There was one more task, actually. The morning of the concert, we rehearsed the orchestral pieces for the evening show. Immediately following that rehearsal, the stage and production crew would need to fly into action, prepping the stage and all props, including the violin in its elaborate sarcophagus. It had to be tied in a silk bag, wrapped in foil, then Christmas lights, then bubble wrap, and finally taped inside a cardboard box, before being packed into the shipping crate among the peanuts.
Therefore the instrument would be inaccessible as soon as our rehearsal ended. So at the mid-rehearsal break, I gave the sacrificial violin one last check before it was entombed. I tuned it as best I could, knowing that it might still emerge from its wrappings horribly off pitch. I played the first few bars of the Biber, whispered words of encouragement (something about being part of a greater good) and handed it off to the production crew.
I entered my usual dressing room that night to find a note on the counter. It was from R.B. and I reproduce it here:
As showtime approached, I took my place just off stage left as usual. Actually, it’s only usual for me about a third of the time, since as First Associate Concertmaster I’m more often than not sitting second chair in the Philharmonic. For those concerts, I begin the show already in my seat. It’s only when I sit concertmaster that I wait backstage to make my own entrance and call for the tuning A.
But walking onto a dark, nearly empty stage, without an instrument, was a first. I handed my bow and leather shoulder covering to our production manager before I walked out. It would be his job to walk on stage and hand these to me as soon as I unearthed the violin and held it aloft.
I wasn’t sure if the audience would applaud as I walked out empty-handed, but they did, and as soon as that died down, the laughter began. First it was just the unhinged woman’s laughter from the speaker inside the crate, and then for a few moments it was nervous laughter from the audience. They were clearly caught off guard.
I stuck to the script, hit the marks, and successfully enacted my Sword in the Stone moment with the violin. The production manager emerged from off-stage with my bow and shoulder cover, and I began to tune.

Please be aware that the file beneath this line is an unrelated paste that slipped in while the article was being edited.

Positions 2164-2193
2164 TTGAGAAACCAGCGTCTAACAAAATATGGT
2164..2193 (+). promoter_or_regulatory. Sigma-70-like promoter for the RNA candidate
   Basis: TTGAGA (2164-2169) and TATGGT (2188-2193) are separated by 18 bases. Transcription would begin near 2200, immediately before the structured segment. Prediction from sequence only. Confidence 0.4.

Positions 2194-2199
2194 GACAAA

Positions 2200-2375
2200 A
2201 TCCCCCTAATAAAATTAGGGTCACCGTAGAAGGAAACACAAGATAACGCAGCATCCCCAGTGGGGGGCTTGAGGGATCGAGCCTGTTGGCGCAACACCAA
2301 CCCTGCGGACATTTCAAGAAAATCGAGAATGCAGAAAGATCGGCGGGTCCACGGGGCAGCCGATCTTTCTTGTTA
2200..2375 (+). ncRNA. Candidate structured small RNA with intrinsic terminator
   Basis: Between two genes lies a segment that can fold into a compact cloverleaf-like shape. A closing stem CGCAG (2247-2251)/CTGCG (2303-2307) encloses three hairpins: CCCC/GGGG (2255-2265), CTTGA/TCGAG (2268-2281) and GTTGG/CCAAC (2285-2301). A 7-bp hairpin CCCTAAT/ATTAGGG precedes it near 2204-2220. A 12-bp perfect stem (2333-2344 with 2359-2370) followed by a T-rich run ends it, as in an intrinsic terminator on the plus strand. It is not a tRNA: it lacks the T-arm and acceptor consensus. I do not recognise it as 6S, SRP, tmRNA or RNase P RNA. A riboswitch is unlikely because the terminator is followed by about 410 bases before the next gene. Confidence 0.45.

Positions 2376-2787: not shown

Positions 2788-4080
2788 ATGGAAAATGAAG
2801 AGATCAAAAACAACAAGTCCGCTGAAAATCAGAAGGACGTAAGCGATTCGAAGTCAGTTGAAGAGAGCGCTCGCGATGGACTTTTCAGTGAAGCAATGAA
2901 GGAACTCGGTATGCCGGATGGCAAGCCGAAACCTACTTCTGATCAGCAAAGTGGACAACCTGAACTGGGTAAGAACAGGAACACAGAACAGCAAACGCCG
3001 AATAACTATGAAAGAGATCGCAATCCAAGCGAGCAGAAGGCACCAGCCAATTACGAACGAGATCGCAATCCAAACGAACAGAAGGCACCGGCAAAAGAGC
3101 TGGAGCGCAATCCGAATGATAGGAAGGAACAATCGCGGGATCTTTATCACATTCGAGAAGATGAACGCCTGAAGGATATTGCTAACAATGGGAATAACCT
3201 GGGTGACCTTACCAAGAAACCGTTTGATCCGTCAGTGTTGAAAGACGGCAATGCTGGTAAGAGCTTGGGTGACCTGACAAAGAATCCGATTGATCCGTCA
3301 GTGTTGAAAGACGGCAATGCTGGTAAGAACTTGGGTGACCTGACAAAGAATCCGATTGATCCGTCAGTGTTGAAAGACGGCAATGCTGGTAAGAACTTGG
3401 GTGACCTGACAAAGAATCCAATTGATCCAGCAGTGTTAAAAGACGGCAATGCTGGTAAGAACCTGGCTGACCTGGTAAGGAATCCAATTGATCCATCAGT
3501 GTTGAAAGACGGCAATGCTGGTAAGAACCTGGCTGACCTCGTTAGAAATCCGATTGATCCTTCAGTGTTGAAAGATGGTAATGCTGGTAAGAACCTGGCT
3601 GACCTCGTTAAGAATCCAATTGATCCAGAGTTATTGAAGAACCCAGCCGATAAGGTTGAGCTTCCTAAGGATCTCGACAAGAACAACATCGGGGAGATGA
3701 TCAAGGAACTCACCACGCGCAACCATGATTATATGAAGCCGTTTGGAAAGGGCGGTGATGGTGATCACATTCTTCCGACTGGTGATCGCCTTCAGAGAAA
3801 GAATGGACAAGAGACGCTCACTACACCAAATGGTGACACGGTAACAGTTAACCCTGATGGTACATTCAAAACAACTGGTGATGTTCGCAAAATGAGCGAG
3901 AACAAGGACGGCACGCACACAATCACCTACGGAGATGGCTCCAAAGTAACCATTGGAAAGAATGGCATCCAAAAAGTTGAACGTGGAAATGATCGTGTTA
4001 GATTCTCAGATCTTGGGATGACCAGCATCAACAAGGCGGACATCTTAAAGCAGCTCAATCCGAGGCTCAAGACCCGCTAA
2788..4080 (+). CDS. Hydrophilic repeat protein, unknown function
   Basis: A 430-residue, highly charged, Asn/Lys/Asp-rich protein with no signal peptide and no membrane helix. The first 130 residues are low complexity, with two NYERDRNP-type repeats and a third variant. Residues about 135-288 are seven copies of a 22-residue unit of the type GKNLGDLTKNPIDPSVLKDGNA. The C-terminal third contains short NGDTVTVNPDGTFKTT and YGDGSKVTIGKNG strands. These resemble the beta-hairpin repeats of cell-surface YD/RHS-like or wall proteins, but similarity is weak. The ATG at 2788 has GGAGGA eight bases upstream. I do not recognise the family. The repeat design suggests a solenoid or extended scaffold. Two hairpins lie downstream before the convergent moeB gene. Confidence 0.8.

Instantly I had the sense that the instrument was resisting every move I made! Inexpensive violins are notorious for their ill-fitting pegs, but this seemed to go beyond poor workmanship. It brought to my mind a passage from one of Arthur Conan Doyle’s Sherlock Holmes stories, Silver Blaze, in which Straker the horse trainer steals away with a prize thoroughbred in the dead of night to secretly injure the animal, and to sabotage its chances in an upcoming race:
“Once in the hollow, he had got behind the horse and had struck a light; but the creature frightened at the sudden glare, and with the strange instinct of animals feeling that some mischief was intended, had lashed out, and the steel shoe had struck Straker full on the forehead.”Sherlock Holmes, in Sir Arthur Conan Doyle’s Silver Blaze
I’m not a superstitious person, but I have on occasion felt that a violin I was playing had a mind of its own. If this instrument had strange instincts, they were roused. And while the violin was unable to deliver a fatal blow to me, it did its best to sabotage the Biber. Each time I returned to an open string (and there were hundreds over the course of seven minutes), it sounded slightly different from the last time around. The chords sounded less like a chorus of angels than a pack of wounded animals.
Finally, and mercifully, it was time for this brave object to serve its ultimate purpose. It may not have volunteered, and it may have complained when its moment came, but it deserved a moment of reflection. As I raised the violin high over my head, I wondered how many instruments in history had been built to play only a single piece of music, just once, from beginning to end.
Just before I delivered the first blow, a voice suddenly rang out in the hall, “Don’t do it!” In the millisecond it took for me to register that it was clearly a male voice, I wondered if Akiko had snuck into the hall after all!